The national security community believes that facial recognition can also help it in identifying and protecting against threats to U.S. forces and embassies abroad. If a known terrorist can be identified before he closes in on his target, lives can be saved. In the wake of the terrorist attack on Khobar Towers, the Pentagon's Defense Advanced Research Projects Agency (DARPA) has embarked on a $50-million initiative known as "Human ID at a Distance," a major component of which is facial recognition.
Facial recognition can also have beneficial uses closer to home. For example, many parents would likely feel safer knowing their children's elementary school had a facial recognition system to ensure that convicted child molesters were not granted access to school grounds. Such a use, however, could point up one potential problem of facial recognition -- that people who have "paid their debt to society" may face heightened police scrutiny once they are identified in a public setting.
On the whole, however, biometric facial recognition systems offer advantages over other security measures. They are not invasive or even inconvenient. The system used at the Super Bowl was much less intrusive than a metal detector at a public building, or an inaugural parade checkpoint. In that sense, it helped to protect the privacy of individuals, who otherwise might have had to endure more individualized police attention.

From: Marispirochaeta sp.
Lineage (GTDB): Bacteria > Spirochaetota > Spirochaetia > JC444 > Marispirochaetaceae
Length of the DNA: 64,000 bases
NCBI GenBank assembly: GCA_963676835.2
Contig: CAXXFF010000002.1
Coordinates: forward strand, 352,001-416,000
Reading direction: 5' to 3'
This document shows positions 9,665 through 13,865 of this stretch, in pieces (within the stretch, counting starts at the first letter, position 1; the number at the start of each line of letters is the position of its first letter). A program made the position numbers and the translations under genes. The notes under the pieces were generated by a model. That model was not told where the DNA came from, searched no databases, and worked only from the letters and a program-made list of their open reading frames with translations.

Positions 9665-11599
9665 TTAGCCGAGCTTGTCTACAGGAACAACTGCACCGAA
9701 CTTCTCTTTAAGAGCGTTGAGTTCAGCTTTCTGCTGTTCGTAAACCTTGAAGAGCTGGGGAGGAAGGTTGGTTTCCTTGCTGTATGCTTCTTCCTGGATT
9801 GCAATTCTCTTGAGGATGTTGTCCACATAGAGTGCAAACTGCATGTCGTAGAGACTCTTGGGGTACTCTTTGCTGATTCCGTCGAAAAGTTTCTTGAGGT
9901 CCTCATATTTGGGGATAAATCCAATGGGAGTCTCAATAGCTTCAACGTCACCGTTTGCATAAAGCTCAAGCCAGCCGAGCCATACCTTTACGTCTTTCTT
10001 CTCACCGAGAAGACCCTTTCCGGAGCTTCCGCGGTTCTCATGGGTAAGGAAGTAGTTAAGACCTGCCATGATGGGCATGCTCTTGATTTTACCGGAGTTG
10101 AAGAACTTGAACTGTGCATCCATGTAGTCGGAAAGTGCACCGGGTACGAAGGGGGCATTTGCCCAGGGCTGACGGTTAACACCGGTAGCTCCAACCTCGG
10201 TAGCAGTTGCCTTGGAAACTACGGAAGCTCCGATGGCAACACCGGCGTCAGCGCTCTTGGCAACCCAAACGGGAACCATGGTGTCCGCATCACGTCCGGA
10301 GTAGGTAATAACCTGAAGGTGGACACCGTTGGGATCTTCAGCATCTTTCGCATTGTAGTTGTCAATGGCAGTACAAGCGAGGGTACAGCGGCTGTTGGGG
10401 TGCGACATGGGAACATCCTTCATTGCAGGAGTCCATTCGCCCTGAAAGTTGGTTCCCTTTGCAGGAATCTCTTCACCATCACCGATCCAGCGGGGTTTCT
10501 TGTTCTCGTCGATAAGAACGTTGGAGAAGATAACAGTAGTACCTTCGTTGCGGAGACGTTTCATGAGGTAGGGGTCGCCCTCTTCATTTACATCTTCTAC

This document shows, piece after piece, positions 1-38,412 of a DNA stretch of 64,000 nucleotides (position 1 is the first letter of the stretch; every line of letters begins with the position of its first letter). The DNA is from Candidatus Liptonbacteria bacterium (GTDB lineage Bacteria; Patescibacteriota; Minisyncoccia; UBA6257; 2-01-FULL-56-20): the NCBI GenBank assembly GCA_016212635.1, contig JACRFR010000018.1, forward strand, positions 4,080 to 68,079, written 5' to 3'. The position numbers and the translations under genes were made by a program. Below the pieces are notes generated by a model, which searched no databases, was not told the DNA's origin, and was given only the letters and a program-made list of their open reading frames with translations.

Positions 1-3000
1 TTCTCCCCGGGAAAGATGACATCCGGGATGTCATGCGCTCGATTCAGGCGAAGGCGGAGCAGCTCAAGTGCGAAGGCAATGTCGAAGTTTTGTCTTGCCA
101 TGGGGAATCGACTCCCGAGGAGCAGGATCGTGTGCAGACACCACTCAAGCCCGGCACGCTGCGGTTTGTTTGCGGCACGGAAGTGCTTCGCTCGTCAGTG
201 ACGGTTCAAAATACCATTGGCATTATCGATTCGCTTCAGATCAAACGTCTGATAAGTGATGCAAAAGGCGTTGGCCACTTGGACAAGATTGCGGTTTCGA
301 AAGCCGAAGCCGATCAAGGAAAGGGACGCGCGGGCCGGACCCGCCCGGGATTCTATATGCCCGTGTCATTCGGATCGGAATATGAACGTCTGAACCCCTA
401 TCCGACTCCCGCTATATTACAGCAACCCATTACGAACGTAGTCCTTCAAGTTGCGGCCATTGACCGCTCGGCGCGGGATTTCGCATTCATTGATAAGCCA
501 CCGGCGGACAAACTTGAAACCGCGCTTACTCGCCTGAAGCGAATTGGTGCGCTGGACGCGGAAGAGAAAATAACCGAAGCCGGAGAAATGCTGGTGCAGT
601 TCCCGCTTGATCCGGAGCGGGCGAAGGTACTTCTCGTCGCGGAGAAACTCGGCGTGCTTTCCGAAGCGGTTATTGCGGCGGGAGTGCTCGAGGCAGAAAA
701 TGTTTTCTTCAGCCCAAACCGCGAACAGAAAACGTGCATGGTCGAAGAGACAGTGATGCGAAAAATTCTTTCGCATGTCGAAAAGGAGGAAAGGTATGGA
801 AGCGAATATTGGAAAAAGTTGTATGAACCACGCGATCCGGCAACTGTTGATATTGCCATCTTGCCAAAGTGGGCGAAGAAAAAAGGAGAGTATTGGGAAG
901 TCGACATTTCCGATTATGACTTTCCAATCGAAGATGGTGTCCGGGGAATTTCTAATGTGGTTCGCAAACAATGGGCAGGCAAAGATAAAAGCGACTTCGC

The technological impartiality of facial recognition also offers significant benefits for society. While humans are adept at recognizing facial features, we are also susceptible to prejudices and preconceptions. The controversy surrounding racial profiling illustrates the problems that can result. Facial recognition systems, by contrast, do not focus on a person's skin color, hairstyle or manner of dress, and they do not recognize racial stereotypes. While there is a danger that the system may make an incorrect match, that danger is no more exaggerated than it is when traditional identification methods, such as comparing mug shots, are used.
While we must remain alert to potential abuses, we would be ill-advised to decry the technology's use under all circumstances. Instead, we should focus on monitoring what kind of information goes into watch list databases and what information is gathered, stored and disseminated. Options to consider include establishing legal measures to provide for responsible use; ensuring that citizens understand how the technology is used; monitoring government use through citizen oversight committees and review boards; and encouraging open, rather than surreptitious, use of the technology. The fear of potential but inchoate threats to privacy should not deter us from using facial recognition where it can produce positive benefits.
John Woodward is a senior policy analyst at RAND, where he works on biometric policy issues. The views expressed in this article are his own.
This commentary appeared in Washington Post on February 4, 2001